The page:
Make us your home page
Instagram

Cherokee, Apple partner to put native language on iPhones

TAHLEQUAH, Okla. — Nine-year-old Lauren Hummingbird asked for a cell phone for Christmas — and not just any old phone, but an iPhone. Such a request normally would be met with skepticism by her father, Cherokee Nation employee Jamie Hummingbird.

He could dismiss the obvious reasons a kid might want an iPhone, except for this — he's a proud Cherokee, and buying his daughter the phone just might help keep the tribe's language alive.

Nearly two centuries after a blacksmith named Sequoyah converted Cherokee into its own written form, the tribe has worked with Apple to develop Cherokee language software for the iPhone, iPod and — soon — the iPad. Computers used by students at the tribe's language immersion school already allow them to type using Cherokee characters.

The goal, Cherokee Chief Chad Smith said, is to spread the use of the language among tech-savvy children in the digital age. Smith has been known to text students at the school using Cherokee, and teachers do the same, allowing students to continue using the language after school hours.

Tribal officials first contacted Apple about getting Cherokee on the iPhone three years ago. It seemed like a long shot, as the devices support only 50 of the thousands of languages worldwide, and none were American Indian tongues. But Apple's reputation for innovation gave the tribe hope.

After many discussions and a visit from Smith, Apple surprised the tribe by coming through this fall.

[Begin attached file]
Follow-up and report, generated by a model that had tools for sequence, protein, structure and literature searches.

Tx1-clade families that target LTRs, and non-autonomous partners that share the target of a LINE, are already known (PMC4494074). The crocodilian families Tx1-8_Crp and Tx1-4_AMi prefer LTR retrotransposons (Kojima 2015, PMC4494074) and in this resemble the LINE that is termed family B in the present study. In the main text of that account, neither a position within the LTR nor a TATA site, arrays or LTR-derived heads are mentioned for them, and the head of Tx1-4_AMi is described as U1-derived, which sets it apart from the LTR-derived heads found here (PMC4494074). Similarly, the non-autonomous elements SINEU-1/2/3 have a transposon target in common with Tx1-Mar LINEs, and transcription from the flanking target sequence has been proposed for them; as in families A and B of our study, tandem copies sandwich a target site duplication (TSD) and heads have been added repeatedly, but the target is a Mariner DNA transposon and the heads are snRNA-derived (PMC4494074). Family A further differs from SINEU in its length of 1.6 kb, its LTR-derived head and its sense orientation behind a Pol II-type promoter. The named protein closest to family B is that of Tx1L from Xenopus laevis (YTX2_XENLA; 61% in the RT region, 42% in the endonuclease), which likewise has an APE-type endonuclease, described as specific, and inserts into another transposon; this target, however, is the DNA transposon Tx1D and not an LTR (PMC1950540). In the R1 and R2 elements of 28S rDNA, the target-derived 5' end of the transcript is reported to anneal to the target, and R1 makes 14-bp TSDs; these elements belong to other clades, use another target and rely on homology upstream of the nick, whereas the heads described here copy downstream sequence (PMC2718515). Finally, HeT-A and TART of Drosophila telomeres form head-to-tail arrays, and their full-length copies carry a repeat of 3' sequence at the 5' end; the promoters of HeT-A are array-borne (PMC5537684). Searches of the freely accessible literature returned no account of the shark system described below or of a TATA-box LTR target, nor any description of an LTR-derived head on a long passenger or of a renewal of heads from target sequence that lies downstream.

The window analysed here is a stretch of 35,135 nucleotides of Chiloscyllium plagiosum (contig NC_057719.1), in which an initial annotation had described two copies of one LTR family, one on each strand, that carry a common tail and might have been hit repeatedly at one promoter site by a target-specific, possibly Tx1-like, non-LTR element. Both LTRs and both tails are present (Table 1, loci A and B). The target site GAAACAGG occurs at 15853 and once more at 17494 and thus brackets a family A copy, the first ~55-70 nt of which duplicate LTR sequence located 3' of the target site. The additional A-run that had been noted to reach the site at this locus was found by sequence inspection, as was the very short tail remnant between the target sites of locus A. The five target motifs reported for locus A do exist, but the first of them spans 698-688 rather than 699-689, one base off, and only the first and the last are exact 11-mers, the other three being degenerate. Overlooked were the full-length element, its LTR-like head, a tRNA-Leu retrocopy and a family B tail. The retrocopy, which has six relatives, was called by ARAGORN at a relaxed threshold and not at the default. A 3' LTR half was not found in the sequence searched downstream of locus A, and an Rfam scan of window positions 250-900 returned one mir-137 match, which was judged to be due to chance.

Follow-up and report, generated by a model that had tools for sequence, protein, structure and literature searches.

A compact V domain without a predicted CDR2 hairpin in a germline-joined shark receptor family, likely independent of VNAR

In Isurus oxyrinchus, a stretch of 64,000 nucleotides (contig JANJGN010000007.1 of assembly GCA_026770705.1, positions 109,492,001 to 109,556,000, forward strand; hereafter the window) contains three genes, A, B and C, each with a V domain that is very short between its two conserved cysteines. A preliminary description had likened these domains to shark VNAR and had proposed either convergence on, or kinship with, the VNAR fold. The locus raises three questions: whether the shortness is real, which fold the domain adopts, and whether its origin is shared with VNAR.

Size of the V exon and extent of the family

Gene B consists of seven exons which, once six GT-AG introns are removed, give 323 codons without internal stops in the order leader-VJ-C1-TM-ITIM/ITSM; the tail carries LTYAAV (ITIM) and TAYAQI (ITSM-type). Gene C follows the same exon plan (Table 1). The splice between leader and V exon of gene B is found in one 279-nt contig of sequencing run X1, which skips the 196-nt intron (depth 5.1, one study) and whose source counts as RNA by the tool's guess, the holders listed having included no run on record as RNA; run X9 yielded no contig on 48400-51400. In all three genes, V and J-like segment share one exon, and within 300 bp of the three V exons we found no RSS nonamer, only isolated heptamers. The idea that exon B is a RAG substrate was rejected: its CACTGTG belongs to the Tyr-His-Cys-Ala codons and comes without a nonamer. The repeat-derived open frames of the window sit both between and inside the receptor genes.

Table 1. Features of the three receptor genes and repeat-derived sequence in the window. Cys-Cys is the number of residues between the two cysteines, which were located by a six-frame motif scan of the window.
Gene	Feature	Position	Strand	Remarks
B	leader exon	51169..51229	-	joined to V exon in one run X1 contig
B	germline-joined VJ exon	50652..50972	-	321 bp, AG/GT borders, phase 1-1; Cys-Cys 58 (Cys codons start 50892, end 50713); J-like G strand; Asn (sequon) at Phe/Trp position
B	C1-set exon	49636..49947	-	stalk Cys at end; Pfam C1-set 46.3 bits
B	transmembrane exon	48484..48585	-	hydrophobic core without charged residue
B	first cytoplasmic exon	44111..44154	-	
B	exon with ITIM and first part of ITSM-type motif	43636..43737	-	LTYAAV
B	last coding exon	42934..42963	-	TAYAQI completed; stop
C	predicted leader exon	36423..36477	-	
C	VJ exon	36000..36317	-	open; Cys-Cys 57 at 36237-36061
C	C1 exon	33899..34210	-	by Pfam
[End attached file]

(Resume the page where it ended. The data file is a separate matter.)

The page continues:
"There are countries vying to get on these devices for languages, so we are pretty excited we were included," said Joseph Erb, who works in the Cherokee Nation's language technology division.

The Cherokee take particular pride in their past, including the alphabet, or syllabary, Sequoyah developed in 1821. In 1828, the tribe obtained a printing press and began publishing the Cherokee Phoenix, which the Cherokee claim was the nation's first bilingual newspaper. Copies circulated as far away as Europe, tribal officials say.

The Cherokee language thrived back then, but like other tribal tongues, it has become far less prevalent over the decades. Today, only about 8,000 Cherokee speakers remain — a fraction of the tribe's 290,000 members — and most of those are 50 or older, Smith said.

Tribal leaders realized something must done to encourage younger generations to learn the language.

"What makes you a Cherokee if you don't have Cherokee thoughts?" asked Rita Bunch, superintendent of the tribe's Sequoyah Schools.

Tribal officials thus decided to develop the language immersion school, in which students would be taught multiple subjects in a Cherokee-only environment.

The Oklahoma school began in 2001 and now has 105 students in kindergarten through fifth grade. They work on Apple laptops already loaded with the Cherokee language — the Macintosh operating system has supported Cherokee since 2003 — and featuring a unique keypad overlay with Cherokee's 85 characters, each of which represent a different syllable.

But Erb and co-workers Jeff Edwards and Roy Boney knew there had to be more ways to tap into the younger generation's love of cell phones, iPods and the like.

"If you don't figure out a way to keep technology exciting and innovative for the language, kids have a choice when they get on a cell phone," Erb said.